10. Jordan Spieth: Felt wrong to leave him out of a top-10 list, though there’s plenty of reason for skepticism, from his continued shaky ball-striking to his final-round surprise at Carnoustie to his T-60 at Bridgestone to the external pressure of trying to capture the career Grand Slam.
8. The Ryder Cup picture will start to come into focus after this week’s PGA Championship. It’s the final week for a player to qualify on his own merit – and there could be plenty of volatility, with double points at stake.
The top 8 players after the PGA are automatically named to the team. Right now, Brooks Koepka, Dustin Johnson, Patrick Reed and Justin Thomas are the only players who have clinched their spot. Bubba Watson and Jordan Spieth are virtually guaranteed. Rickie Fowler and Webb Simpson have work to do to secure their spot in the top 8.
Of the challengers, Bryson DeChambeau and Phil Mickelson are the most intriguing. Even after a standout season, DeChambeau isn’t a shoe-in for a captain’s pick, while Mickelson could save captain Jim Furyk a pick if he qualifies on his own.
9. Georgia Hall sure made her first win as a pro count.
After an auspicious debut at the Solheim Cup, hopes were high for the 22-year-old English woman. A year later, she became the second Brit to win The Open since the event became a major in 2001.
Hall was named Georgia after Nick Faldo’s 1996 Masters victory. His final-round score that day, when he overtook a collapsing Greg Norman? A final-round 67.
What was Hall’s closing score at Royal Lytham. A 67, of course.
10. Hall held off a game Pornanong Phatlum for the title, and the leaderboard featured plenty of international flair. Interested observers needed to scroll all the way down to Jaye Marie Green, in a tie for 15th, to find the first American.
U.S. women now have gone 0-for-their-last-6 majors, and they’ve won just two of the last 18. It’s reasonable to wonder if it’ll get better any time soon.
Lexi Thompson is currently on a self-imposed break, after a difficult year and a half on and off the course. Michelle Wie withdrew from The Open because of wrist problems. Cristie Kerr is 40. Brittany Lincicome is too often a non-factor. Paula Creamer couldn’t even qualify for The Open.
And so it seems U-S-A’s best major hopes going forward are 2017 Women’s PGA champ Danielle Kang and Jessica Korda, the 25-year-old who has finished T-4 in a pair of 2018 majors. It helps, too, that both are dynamic personalities.
Other than that … the outlook is pretty bleak.
Phil Mickelson is totally comfortable in his own skin.
How else to describe what else we saw last week, when Mickelson moved and grooved his way to social-media fame with this Mizzen+Main ad?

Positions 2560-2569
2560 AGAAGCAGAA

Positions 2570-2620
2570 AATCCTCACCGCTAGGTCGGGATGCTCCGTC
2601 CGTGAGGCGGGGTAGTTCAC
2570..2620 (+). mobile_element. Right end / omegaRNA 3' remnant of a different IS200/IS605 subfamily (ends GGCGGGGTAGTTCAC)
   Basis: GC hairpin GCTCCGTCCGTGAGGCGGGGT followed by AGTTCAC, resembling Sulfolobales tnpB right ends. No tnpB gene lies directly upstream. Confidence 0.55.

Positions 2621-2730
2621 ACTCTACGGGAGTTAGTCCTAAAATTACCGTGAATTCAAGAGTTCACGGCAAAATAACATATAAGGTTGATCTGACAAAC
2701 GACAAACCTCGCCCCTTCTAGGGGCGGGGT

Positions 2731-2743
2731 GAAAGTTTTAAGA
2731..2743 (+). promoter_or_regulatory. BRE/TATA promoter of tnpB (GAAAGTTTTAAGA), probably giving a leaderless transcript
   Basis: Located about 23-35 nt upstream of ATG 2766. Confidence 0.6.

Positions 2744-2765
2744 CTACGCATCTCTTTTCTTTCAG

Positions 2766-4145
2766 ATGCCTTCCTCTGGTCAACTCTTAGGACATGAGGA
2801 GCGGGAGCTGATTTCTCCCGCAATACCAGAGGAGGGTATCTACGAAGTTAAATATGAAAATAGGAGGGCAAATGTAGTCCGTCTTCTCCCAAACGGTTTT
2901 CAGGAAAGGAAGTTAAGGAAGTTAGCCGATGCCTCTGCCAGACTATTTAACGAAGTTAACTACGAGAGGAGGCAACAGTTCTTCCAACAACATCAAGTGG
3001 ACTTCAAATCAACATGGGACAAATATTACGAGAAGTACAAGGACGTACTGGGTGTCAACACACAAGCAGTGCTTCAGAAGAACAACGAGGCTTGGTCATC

To make an impact today, your ad needs to either be really good, or it needs to be SO bad that it’s good.
And this was bad. Really, really, intentionally bad – and it worked.
Give Mickelson credit: He’s not afraid to go out of his comfort zone. He’s not afraid to laugh at himself. He’s not afraid that his kids will be embarrassed and not want to talk to him again.
It's been just about the strangest year possible for Lefty.
This week's award winners ...
Farewell: Firestone. And good riddance! If not for Woods’ dominance there, the South Course would be the most unmemorable track these guys play all year – a series of indistinguishable, 400-to-460-yard par 4s with trees lining both sides and bunkers fronting the greens. Yawn. But don’t worry, the WGC move to TPC Southwind will really spice things up – DJ won there this year by hitting lots of iron-wedge into the par 4s …
Horses for Courses?: JT. Or not. In two previous tours around Firestone, he hadn’t finished better than T-28. “I’m glad I finally played well around here, just in time to leave,” he said.
East Lake Bound?: Andrew Putnam. He won the Barracuda Championship, but it’s been a sneaky-good season. He lost to DJ in Memphis and also posted three other top-10 finishes. He’s now 31st in the FedExCup standings, needing one more solid week to ensure that he gets to the Tour Championship.
Case of the Mondays: John Oda. The former UNLV Monday qualified for the Reno event and tied for third – the best finish by a late entry this year. It’s also his second top-10 of the season (Mayakoba).
Turning Back the Clock: Ernie Els. His tie for third at the European Tour’s Fiji Invitational was his best worldwide finish in nearly five years.
Back in the Winner’s Circle: Oliver Wilson. A decade ago, he was a European Ryder Cupper. On Sunday, he won on the European Challenge Tour, in Sweden, as he continues to grind in hopes of making it back to the big leagues.
Hammer Time: Cole Hammer. He basically went wire to wire at the Western Amateur, co-medaling during the four-round stroke-play qualifier and then edging all four of his match-play opponents by a 1-up margin. Texas has had several impact players over the past few years – Jordan Spieth, Brandon Stone, Beau Hossler, Doug Ghim – and now comes Hammer, who will join the Longhorns this fall. Speaking of young ballers ...
Remember the Name: Akshay Bhatia. The 16-year-old left-hander from North Carolina (who apparently is looking to turn pro at 18 and not attend college) is making his presence felt at the junior level. Over the past year, he’s won the Junior PGA, the prestigious Sage Valley event, the AJGA Polo Junior and reached the finals of the U.S. Junior. He just defended his title at the Junior PGA by doing this:
Blown Fantasy Pick of the Week: Xander Schauffele. After a career-best major showing at The Open, the reigning PGA Tour Rookie of the Year backed up by … finishing 68th out of 71 players, following a closing 78. Momentum heading into the PGA, we think not. Sigh.